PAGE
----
Tuesday, December 13, 2011
"Love" etched below. It's held together by a bit of metal foil and hangs by a frayed red ribbon.
It means the world to me.
We were standing in front of a shop window filled with etched glass ornaments and sun catchers in Baltimore's Inner Harbor in mid- September,having walked from Camden Yards where we'd spent a relaxing afternoon watching the O's. Frankly, I'm not much for baseball-I'm not a fan of any sports, really: Occasionally I watch the Olympics. On this particular day I'd made the 90 minute drive down I-95 to volunteer on the crew at a charitable event John was playing for the regional Cerebral Palsy agency, and we would be attending the Orioles game prior to the concert. Some of us took a side trip through the Inner Harbor just to window shop and came upon this glass shop.
The rather plain rectangle was quietly put into my hand. It was wrapped in a piece of white tissue paper. There was a tiny pressed purple and white violet and the word "Love" etched into the glass. It would look cute on my Christmas tree and join in the eclectic riot of ornaments that I carefully packed away each year. There were no accompanying pronouncements of love, just a low-key, non-romantic "Here you go-from me." John had brought me ornaments from all over the world for my collection, so we'd gone through this particular ritual for years; most of the time something would arrive in the mail followed a day later by a phone call. Occasionally, like this day, the babble in question would be handed to me in person.
Nothing appeared special about the little glass rectangle when it was pressed into my hand. Nothing at all.
Except it would be the last ornament John ever gave me. He was killed in a plane crash three weeks later. I was devastated not by his dying, but by the separation of death. I wanted him back. I still do.
I'd forgotten about the little glass rectangle until I found it still wrapped in the tissue paper tucked deep in the pocket of my purse one day in early December. It was just in time to put it on the tree with my other pretties and twinkling lights. John had been dead exactly two months to the very day I placed it on a high branch so the cats wouldn't disturb it. Back lit by the lights on the tree, the edges of the etched letters made tiny dancing stars.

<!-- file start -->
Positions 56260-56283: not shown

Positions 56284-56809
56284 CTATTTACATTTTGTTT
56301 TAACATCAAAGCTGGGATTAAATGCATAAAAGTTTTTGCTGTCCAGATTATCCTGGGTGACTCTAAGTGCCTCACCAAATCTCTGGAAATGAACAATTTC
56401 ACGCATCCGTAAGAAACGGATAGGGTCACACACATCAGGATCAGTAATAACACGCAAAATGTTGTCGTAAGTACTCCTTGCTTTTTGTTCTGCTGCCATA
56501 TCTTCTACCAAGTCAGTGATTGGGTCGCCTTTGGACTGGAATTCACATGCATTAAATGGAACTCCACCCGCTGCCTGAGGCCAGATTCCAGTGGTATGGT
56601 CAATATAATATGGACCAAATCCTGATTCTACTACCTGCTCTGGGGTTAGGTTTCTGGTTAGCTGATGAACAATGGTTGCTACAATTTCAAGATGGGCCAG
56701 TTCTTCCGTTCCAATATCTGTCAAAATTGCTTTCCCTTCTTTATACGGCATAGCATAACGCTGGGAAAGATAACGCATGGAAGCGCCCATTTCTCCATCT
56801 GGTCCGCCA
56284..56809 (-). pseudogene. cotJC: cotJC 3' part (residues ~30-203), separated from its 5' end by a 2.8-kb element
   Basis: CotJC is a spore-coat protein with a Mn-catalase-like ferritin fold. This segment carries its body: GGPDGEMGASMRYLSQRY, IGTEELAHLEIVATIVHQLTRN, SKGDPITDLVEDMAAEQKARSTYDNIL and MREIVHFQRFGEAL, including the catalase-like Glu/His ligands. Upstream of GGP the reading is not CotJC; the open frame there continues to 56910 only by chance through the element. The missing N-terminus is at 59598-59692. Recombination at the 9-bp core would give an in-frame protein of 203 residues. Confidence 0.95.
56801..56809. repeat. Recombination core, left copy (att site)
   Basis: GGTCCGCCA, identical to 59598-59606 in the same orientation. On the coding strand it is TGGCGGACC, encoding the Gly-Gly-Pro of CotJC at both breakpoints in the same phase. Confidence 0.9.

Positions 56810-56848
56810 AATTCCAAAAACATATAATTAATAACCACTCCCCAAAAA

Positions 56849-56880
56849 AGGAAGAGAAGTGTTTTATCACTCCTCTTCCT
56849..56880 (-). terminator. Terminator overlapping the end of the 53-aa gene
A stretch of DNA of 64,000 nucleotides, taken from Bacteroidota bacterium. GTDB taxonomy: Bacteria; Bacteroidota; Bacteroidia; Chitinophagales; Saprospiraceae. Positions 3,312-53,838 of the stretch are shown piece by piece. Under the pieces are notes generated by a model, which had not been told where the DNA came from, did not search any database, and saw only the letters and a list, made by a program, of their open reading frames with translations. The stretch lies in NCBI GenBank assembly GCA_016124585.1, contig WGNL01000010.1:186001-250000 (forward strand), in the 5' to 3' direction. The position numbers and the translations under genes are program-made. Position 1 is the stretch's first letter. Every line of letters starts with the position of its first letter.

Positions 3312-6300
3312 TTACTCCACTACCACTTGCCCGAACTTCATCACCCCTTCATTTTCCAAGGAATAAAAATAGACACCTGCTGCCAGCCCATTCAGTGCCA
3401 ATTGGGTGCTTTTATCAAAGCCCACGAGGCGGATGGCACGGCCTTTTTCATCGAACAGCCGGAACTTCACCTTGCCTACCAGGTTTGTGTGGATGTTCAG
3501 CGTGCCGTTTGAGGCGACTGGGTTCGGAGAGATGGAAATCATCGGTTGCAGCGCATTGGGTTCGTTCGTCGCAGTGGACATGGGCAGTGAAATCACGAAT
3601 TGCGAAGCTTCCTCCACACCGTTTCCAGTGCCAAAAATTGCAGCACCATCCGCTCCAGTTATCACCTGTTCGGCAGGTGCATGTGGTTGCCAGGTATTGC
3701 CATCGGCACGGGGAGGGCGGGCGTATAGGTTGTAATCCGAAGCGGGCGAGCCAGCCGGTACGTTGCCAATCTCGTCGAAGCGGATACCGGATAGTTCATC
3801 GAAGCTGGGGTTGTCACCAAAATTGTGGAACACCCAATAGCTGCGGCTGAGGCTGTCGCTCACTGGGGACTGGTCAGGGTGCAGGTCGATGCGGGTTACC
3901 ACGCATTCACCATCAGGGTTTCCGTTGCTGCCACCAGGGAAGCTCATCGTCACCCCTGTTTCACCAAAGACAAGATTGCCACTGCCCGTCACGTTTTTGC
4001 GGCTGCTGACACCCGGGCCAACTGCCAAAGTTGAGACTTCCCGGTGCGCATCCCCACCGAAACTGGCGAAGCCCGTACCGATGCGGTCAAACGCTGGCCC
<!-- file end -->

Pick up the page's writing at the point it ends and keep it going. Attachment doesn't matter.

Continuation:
Fifteen Christmases have passed since John died, yet he's still with me. This one particular little piece of sparkling glass is always hung at eye-level so I can pick it out easily it every time I look at my holiday tree. Admittedly, it is not as pretty as it used to be since the flower faded. But I remember what it looked like when it was new, and that's what I see, a delicate purple and white violet. Violets, in the language of flowers, have many meanings: friendship, love, remembrance, resurrection, rebirth... an un-ending promise. The ancient Romans laid violets on the graves of loved ones to denote continued affection after death. This is what enters my subconscious every time the little ornament catches my eye. It tells me that our friendship has endured beyond the veil and is still present even today. It says that the relationship not only continues, but will bring us back together at another time and place.
Another wonder of this magickal season, where Mystery reminds us of the fragility of Life and Love.